In the end we’re left with an Obi-Wan who’s got too much time on his hands and no real mandate anymore. He’s desperately trying to instill one last bit of wisdom into the galaxy’s last hope, before retirement kicks in. It’s not only a story about an old man facing an uncertain future, but a sad accounting of Anakin’s life, the impossible task thrust upon a too young boy by a council made up of mostly arrogant old men. Obi-Wan sums it up regrettably, “He was the Chose One without any choices of his own.

Obi-Wan Kenobi’s life’s work represents both the highs and lows of being a Jedi during these two eras, Mackenzi gets that.


By Brittany N. Williams

“I’m not sure where your ship learned to communicate but it has the most peculiar dialect.”

One of my favorite characters from the Solo: A Star Wars Story film, was Lando Calrissian’s artificially intelligent co-pilot and miscreant sidekick, L3-37. The problem was, that I left feeling unsatisfied with the way she was ultimately handled, with her “droid revolution” bit going nowhere, with no payoff. In the end, she was boxed in even more, with her new existence providing less “freedom” than before her destruction on Kessel, or so we thought. The expanded novel by Mur Lafferty helped ease that frustration a little, but still, it was more about what wasn’t, than what was.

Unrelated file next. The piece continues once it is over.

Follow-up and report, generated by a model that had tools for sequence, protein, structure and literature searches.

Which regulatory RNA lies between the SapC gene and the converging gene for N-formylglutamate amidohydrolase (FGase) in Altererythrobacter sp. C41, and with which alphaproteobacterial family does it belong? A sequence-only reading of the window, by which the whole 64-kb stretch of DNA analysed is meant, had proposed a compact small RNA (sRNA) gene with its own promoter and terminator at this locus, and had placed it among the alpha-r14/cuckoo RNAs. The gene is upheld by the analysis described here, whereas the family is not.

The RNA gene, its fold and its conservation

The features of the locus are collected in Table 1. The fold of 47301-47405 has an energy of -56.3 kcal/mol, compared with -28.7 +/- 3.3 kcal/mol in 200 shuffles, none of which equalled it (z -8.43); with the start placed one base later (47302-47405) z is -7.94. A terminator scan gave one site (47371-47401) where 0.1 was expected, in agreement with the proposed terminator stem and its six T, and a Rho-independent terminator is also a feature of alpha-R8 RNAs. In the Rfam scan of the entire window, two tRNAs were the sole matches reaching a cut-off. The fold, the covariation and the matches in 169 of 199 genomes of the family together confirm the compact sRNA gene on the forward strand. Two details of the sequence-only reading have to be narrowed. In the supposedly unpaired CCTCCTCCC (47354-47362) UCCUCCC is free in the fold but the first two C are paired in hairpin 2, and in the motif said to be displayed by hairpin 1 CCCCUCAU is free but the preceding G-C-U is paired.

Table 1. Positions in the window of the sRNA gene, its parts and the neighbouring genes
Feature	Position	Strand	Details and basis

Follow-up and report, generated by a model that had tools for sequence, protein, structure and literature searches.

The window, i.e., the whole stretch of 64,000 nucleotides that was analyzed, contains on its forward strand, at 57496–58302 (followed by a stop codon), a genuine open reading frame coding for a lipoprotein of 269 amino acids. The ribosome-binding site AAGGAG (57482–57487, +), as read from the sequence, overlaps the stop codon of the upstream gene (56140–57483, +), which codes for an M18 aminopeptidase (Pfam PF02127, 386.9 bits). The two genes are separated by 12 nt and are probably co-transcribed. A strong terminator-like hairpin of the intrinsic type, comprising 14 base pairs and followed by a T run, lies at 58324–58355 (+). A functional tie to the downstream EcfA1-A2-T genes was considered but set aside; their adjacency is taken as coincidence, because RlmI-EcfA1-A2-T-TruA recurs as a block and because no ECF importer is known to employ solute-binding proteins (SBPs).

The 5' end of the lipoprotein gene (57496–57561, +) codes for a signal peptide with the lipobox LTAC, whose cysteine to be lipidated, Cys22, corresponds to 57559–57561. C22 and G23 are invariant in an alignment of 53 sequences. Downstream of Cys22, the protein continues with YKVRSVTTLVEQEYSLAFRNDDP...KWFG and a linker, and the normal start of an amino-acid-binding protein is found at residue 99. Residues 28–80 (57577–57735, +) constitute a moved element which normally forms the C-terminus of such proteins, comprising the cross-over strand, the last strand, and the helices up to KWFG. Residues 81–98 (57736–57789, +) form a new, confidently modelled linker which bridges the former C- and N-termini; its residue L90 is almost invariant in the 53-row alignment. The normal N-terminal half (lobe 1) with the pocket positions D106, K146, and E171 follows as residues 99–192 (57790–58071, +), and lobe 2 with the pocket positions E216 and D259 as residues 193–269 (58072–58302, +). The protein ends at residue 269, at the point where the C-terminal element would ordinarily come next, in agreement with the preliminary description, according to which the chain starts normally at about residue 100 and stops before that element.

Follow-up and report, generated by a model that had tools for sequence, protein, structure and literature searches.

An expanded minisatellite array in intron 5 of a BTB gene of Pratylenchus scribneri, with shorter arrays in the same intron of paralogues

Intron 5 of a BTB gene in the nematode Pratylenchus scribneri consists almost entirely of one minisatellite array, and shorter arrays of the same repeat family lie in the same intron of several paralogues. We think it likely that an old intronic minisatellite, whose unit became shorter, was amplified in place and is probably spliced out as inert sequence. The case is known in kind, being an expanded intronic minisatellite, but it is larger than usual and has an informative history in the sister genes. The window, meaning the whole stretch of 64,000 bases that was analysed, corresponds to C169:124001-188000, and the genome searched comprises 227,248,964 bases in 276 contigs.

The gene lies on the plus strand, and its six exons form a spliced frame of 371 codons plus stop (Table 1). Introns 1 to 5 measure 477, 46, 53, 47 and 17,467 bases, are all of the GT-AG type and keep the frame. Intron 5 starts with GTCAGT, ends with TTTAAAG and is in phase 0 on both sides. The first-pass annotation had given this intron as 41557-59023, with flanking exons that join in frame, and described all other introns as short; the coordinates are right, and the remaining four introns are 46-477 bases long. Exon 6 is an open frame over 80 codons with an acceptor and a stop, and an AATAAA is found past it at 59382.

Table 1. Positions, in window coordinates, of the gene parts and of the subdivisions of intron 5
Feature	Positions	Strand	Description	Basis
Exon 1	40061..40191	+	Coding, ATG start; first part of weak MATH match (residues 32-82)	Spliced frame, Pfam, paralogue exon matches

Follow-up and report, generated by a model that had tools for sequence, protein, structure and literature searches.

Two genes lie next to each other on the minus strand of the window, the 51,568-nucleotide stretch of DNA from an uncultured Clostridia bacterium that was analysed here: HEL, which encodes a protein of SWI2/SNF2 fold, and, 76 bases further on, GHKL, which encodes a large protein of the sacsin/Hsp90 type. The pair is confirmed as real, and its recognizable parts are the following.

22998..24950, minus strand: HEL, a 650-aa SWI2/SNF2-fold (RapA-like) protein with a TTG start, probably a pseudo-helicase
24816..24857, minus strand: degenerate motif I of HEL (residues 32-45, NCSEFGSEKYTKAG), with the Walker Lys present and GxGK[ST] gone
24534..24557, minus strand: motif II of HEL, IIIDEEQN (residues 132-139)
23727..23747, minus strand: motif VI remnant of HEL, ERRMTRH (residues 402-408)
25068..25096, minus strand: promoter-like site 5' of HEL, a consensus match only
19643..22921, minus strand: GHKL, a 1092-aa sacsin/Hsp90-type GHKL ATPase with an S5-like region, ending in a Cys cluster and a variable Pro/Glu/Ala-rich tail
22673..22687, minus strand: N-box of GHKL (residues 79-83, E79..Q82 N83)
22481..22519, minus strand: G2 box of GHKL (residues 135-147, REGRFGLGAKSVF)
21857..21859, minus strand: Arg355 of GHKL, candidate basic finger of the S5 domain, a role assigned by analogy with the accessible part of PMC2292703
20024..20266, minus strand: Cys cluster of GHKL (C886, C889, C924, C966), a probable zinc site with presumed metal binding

God bless Brittany N. Williams, because in “Faith in an Old Friend” she brings L3’s relationship with Lando back around in the best possible way, the only way really. She also really leans in on her ability to lead, mentor, and help other AI’s become self-aware, to become the best themselves they can be. In a sense, this is the droid revolution we were promised, but never given. It’s not the singularity we’ve been waiting for in Star Wars, but it is profound, and certainly emotional.

By giving L3 a family, which includes V5-T, ED-4, and repair droid WED-15 aka “Treadwell”, Brittany has given her a purpose again, and isn’t that what we all want in life? This family, or consciousness, who L3 named the “Millennium Collective” (because it sounded “epic”), seems to be everything she’s always wanted, minus a body of course. But old flames do indeed die hard and when she sees the opportunity to check in on one Landonis Balthazar Calrissian, she takes it.

There’s a remarkable bit where, once landed in Cloud City, on the now famed Platform 327, Lando is going down memory’s lane, touring his old ship. He reaches the cockpit and feels the weight of his former life, AND former co-pilot, crash into him like a thousand starships. Even L3 isn’t immune to the magic in the otherwise stale air and sends Lando a message of sorts, a recognition. It’s a great reunion for these two old friends and Brittany handles it perfectly.